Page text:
Documents vs. Worksheets: Which Should You Choose?
Maple offers two different versions of its technical document interface: Document mode and Worksheet mode. Which you choose depends on both your task and preferences. You'll find details below, but in general:
Choose Document when you want to solve problems and create documents in which Maple commands are usually hidden.
Choose Worksheet when you want to see and use Maple commands directly.
Choose New Document if...
You are following the Getting Started tutorials. These tutorials assume you will be in Document mode, so that is the best choice if you are planning on working through any introductory materials. Don't worry, the vast majority of what you'll learn transfers to Worksheet mode easily.
You are using Maple as a mathematical scratchpad, and you want to focus on the math, not the commands. You want to use standard math notation, and you will probably make at least some use of palettes and menus while solving your problem to minimize the use of commands.
You want as much control as possible over the appearance of polished documents and interactive applications. You don't want to see command prompts, or be forced to adhere to a rigid input/output structure in your document.
Choose New Worksheet if...
You are trying to learn Maple commands. In Worksheet mode, you can still work in standard math notation and use palettes and menus to enter and solve problems, but you get to see the corresponding Maple commands that do the work.
You want to enter your problems using Maple notation not standard math notation. (E.g. int(exp(x)/2,x) instead of ∫ⅇx2ⅆx ) If you prefer using Maple syntax, use Worksheet mode and change your default entry from 2-D Math Notation to Maple Notation. See Changing the Defaults, below.
You want to step through an existing sequence of commands one at a time, as a presentation tool or to fine-tune your work. It is always possible to re-execute computations, in either mode, but stepping through one command at a time is easiest in Worksheet mode.
You will be writing Maple code. It is possible to develop Maple procedures and scripts in Document mode, but most people find Worksheet mode to be a better development environment. Once your code works, you can easily transfer it to a Code Edit Region or the Startup Code inside your document, if that's where it is needed.
Many people will switch between these environments depending on what they are doing in Maple, or even combine elements of both into a single document. When it comes to referring to documents created and saved in Maple, the terms "Maple document" and "Maple worksheet" are used interchangeably.
Changing the Defaults
Differences between Documents and Worksheets
In Maple, you can always access any work environment at any time. By default, you'll start new documents in Document mode, and when you are in Worksheet mode, the input will be in math notation, not Maple syntax. You can change either or both of these defaults to suit your preferences.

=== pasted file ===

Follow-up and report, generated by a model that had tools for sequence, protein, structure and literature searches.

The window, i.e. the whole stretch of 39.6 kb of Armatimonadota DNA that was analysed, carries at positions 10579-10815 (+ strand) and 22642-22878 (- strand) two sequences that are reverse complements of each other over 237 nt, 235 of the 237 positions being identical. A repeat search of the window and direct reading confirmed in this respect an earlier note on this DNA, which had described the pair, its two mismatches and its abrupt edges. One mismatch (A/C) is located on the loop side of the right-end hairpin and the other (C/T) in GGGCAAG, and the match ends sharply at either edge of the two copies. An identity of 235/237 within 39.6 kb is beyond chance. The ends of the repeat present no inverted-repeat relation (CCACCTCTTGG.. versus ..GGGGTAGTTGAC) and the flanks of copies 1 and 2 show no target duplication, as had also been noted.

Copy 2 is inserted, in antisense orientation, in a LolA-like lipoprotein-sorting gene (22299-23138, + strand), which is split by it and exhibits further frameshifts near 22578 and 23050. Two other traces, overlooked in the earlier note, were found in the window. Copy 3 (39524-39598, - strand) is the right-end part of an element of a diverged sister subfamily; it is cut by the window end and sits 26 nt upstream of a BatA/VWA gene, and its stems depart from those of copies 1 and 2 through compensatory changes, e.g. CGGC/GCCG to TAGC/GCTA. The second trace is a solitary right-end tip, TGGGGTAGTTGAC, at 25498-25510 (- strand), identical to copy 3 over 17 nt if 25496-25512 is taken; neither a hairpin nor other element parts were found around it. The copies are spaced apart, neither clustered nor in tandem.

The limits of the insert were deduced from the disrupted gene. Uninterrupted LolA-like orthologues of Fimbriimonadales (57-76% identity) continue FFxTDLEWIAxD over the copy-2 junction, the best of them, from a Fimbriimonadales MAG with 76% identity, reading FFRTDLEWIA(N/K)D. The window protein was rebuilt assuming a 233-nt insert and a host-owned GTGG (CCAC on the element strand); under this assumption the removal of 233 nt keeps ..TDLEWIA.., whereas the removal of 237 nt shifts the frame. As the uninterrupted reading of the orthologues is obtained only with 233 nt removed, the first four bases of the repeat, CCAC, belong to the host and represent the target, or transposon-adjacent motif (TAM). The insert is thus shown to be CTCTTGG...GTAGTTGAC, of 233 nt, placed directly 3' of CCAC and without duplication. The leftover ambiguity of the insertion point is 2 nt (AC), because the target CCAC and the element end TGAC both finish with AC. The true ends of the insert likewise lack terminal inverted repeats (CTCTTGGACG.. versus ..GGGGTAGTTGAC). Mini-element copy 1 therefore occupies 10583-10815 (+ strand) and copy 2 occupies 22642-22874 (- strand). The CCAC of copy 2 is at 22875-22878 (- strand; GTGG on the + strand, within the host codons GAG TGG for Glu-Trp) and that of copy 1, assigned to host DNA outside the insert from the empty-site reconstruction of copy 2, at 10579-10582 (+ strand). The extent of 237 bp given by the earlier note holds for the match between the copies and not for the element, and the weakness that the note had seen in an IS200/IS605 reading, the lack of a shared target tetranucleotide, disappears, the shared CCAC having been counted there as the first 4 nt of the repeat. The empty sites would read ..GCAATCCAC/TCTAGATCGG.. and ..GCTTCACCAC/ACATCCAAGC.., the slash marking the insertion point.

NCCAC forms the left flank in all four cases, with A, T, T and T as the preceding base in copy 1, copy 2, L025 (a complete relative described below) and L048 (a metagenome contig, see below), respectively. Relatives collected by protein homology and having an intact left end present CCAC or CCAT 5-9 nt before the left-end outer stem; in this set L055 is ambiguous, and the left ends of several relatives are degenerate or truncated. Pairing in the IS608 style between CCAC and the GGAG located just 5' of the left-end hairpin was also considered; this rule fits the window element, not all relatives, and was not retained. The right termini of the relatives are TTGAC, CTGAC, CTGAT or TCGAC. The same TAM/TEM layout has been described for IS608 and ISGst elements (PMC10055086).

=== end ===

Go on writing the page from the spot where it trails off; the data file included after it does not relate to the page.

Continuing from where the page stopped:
Changing the Default Work Environment
By default, when you start Maple or click the New File icon (
) in the toolbar, you will be in Document mode.
To change the default to Worksheet Mode:
Open the Options Dialog.
In the Interface tab, set the Default format for new worksheets to Worksheet.
You can create individual documents in either mode at any time using the File > New menu.
Changing between Math Notation and Maple Syntax in a Worksheet
In worksheet mode, by default, you enter all mathematical expressions and commands using standard mathematical notation.
When at a prompt, you can switch between mathematical notation and Maple syntax by pressing F5. This changes the input mode for the current prompt only.
To change the default for all prompts:
In the Display tab, set the Input display to Maple Notation to use Maple syntax for entering all mathematical expressions and commands, or 2-D Math Notation to use standard mathematical notation.
This chart outlines the technical differences between document mode and worksheet mode.
Quick problem-solving and free-form, rich content composition
No prompt (>) displayed
Math is entered and displayed in 2-D math
Solve math problems with context-sensitive options on input and output
Traditional Maple problem-solving environment
Enter problems at a prompt (>)
Math entered and displayed in 2-D or 1-D math
Solve math problems with context-sensitive options on output
Document mode lets you create rich content, and enter text and expressions on the same line. For example, the following solves for x without any commands: x−2α=1→solve for xx=2+α
This command was performed by using the context-sensitive operations in the context panel on the input.
The corresponding code to perform the same calculation in Worksheet mode is in 2-D math:
or in 1-D math:
Toggle Math/Text entry mode
Press F5 or choose from
Toggle 2-D/1-D Math entry mode
Press F5 to switch between 2-D black font or 1-D red font
Evaluate math expression and display result inline
Alt + Enter
Evaluate math expression and display result on new line
Continue on next line without executing
Shift + Enter
Switch to Worksheet mode (insert prompt)
Switch to Document mode
Edit→Document Blocks→Create Document Block
To start in Document mode
(by default, Maple starts in Document mode)
To start in Worksheet mode
For details, see Document Mode and 2-D Math.
For details, see Worksheet Mode and 2-D Math.
Within a Document block in a Worksheet,
Show hidden commands
Edit→Document Block→Show Command
Hide commands. Show only results.
Highlight commands to be hidden.
2-D Math, Document Blocks, Document Mode, Insert Menu, Worksheet Glossary, Worksheet Mode
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